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Pamphlet - War and Capitalism

Preface to 1st Edition

"The Socialist Party of Great Britain, like a voice crying in the wilderness, has always maintained that capitalism and war are inseperable. There can be no capitalism without conflicts of economic interest. From these arise the national rivalries and hatreds, the fears and armaments which may at any time provoke war on a terrifying scale"

This arguement, from our 1936 pamphlet, WAR AND THE WORKING CLASS, remains valid today.

In this pamphlet we discuss some of the arguements we come across. Many people believe wars are inevitable due to "human nature". Others tell us that a particular war is necessary and justifiable in terms of the "national interest".

The Socialist Party of Great Britain opposition to wars is on grounds of class - an old fashioned term, maybe. But it is a fact that most people live by selling their labour-power for wages or salaries.

Socialists argue that workers should not let themselves be dragged into wars caused by disputes between different sections of the capitalist class. As we stated in the 1936 pamphlet:
"There is only one safe rule for the working class to follow when urged by the capitalists to support capitalist wars. No matter what form the appeal may take, they should examine the question in the light of working class interests. Ask yourself the question: 'Have the working class of one nation any interest in slaughtering (and being slaughtered by) the workers of another?'; 'Have they any interest in suppoting one national section of the capitalist world against another?' ..."

The wages system constantly creates a surplus (rent, interest and profit); it is a system of class exploitation. Worldwide, there is a class division - opposing interestes between employers and employed, between Labour and Capital.

Socialists argue that workers should not let themselves be dragged into wars caused by disputes between different sections of the capitalist class. As we stated in the 1936 pamphlet:
"There is only one safe rule for the working class to follow when urged by the capitalists to support capitalist wars. No matter what form the appeal may take, they should examine the question in the light of working class interests. Ask yourself the question: 'Have the working class of one nation any interest in slaughtering (and being slaughtered by) the workers of another?'; 'Have they any interest in suppoting one national section of the capitalist world against another?' ..."

The answer, of course, is NO.

In this pamphlet we have reprinted the historic statements we made in 1914 and 1939, on the outbreak of war. The Socialist Party of Great Britain consistent, principled and uncompromising record of opposition to wars is unique.

We urge you, the readers of this pamphlet, to join us in working to end this system and replace it by a new society - one based upon common ownership of the world's productive resources, where democratic co-operation will replace cut-throat economic competition, the cause of war.

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Preface to 2nd Edition

Since this pamphlet was first published, wars have been as frequent as autumn showers. A reprint became necessary so we decided to update part of the text and to take account of the bizarre doctrine of 'humanitarian' war which has come into fashion.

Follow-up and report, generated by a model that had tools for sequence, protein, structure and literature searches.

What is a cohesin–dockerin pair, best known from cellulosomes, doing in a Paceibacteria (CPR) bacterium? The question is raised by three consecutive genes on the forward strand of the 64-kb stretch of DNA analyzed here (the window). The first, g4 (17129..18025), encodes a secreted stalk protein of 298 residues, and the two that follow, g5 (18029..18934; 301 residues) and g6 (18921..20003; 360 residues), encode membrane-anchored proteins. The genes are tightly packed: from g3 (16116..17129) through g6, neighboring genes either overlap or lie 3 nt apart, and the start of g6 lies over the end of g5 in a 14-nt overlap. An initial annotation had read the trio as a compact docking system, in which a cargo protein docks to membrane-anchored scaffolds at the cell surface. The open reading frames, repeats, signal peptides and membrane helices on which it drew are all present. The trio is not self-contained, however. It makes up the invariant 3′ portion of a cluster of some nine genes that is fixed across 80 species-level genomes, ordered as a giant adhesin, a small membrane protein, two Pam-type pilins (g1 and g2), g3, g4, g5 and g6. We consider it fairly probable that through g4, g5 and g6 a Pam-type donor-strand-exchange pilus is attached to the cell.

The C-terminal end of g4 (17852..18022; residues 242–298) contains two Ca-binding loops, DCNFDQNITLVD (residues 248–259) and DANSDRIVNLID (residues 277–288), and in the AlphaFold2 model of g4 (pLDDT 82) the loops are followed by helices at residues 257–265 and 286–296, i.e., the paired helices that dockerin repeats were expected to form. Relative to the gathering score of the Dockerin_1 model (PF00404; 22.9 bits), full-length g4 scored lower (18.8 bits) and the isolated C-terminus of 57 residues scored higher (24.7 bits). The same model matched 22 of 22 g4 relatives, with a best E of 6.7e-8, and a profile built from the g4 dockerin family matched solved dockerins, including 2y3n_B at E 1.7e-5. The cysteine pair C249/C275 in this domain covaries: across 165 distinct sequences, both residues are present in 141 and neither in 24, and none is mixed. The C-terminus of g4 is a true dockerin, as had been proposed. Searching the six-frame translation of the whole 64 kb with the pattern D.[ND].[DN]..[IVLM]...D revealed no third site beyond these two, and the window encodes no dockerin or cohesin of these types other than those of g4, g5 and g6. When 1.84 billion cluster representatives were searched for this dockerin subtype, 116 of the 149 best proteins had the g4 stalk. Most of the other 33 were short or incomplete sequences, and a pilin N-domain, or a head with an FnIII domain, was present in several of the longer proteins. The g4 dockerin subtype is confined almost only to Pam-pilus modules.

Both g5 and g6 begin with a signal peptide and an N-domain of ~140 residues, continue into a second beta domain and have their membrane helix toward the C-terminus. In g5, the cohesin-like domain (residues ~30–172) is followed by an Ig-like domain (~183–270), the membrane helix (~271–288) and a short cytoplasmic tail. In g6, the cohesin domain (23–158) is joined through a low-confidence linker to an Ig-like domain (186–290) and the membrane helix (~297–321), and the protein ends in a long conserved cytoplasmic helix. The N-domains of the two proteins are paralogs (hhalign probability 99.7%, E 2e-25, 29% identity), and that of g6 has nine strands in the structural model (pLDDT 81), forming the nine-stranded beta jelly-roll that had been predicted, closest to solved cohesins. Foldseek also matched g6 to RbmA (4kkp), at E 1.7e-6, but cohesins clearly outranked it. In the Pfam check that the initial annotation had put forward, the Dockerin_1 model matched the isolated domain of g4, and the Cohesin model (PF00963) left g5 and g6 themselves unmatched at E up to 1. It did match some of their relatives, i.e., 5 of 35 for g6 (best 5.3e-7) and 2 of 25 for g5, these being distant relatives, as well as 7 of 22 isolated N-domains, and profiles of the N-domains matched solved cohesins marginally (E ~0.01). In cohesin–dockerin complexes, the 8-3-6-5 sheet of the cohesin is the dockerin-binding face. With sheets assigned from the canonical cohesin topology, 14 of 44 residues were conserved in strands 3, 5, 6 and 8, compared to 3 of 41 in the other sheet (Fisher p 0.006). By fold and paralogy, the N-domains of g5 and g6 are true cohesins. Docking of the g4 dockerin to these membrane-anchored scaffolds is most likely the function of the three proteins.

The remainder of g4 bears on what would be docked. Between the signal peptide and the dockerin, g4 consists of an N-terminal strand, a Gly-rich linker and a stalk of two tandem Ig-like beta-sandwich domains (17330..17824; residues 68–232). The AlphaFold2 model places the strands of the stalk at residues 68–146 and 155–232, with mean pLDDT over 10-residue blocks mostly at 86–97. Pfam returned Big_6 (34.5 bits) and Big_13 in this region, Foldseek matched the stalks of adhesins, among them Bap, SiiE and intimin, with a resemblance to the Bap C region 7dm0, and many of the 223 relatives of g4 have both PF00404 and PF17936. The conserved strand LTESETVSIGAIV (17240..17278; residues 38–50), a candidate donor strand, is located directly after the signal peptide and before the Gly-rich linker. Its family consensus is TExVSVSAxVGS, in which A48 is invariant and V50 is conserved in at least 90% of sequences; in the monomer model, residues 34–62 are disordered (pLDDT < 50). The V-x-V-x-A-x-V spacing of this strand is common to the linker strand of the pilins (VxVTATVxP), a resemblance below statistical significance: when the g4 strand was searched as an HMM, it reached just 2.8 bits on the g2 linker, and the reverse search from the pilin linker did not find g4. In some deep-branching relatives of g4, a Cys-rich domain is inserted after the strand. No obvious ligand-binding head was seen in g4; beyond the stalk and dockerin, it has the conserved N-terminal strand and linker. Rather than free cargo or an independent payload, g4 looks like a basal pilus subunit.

Now, at the beginning of the 21st century, the anarchy of capitalism has never been more evident, the need for Socialism never more urgent.

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1. War and the Working Class

Question: Why do wars happen, given that everyone you ask says they are against war, that wars only cause destruction and distress, and never solve any problems?

It is quite a paradox. Politicians all declare they detest war. Governments spend a small fortune on diplomacy in attempts to prevent wars. World institutions, like the United Nations, are funded at vast expense in order to prevent wars happening.

Wars are extremely destructive. They cause terrible waste - waste of human lives, waste of economic resources, destruction of whole cities. There are long-term consequences too: survivors who are disabled, or scarred mentally and emotionally by the trauma. The effects of war may handicap them for the rest of their lives. Decades afterwards, people are killed or crippled by land-mines.

The list is a long one, but you get the point. So the question is: who could possibly benefit from war?

Or, put another way, in whose interests are wars fought? to answer that we need to show how the capitalist system operates. It is the Socialist contention that modern wars are fought because of the rivalries between various sections of the capitalist class. War being the last resort to resolve these rivalries.

Capitalism is a system where competition, the law of the jungle, is the rule. At one level, there is commercial competition between companies. At another level, the capitalists of one country are in competition with the capitalists of other countries. They compete at every turn: to gain control of key raw materials or mineral resources, to economise on transport and distribution costs, and to organise production so as to produce their commodities as cheaply as possible. They spend a lot on advertising and marketing to ensure that customers will choose their products or services as against those of their competitors.

At times commercial competition heats up, boiling over into armed conflict - war. To find out in whose interests wars are fought you need to know what they are about - that is, what they are really fought over, not what the politicians say they are about.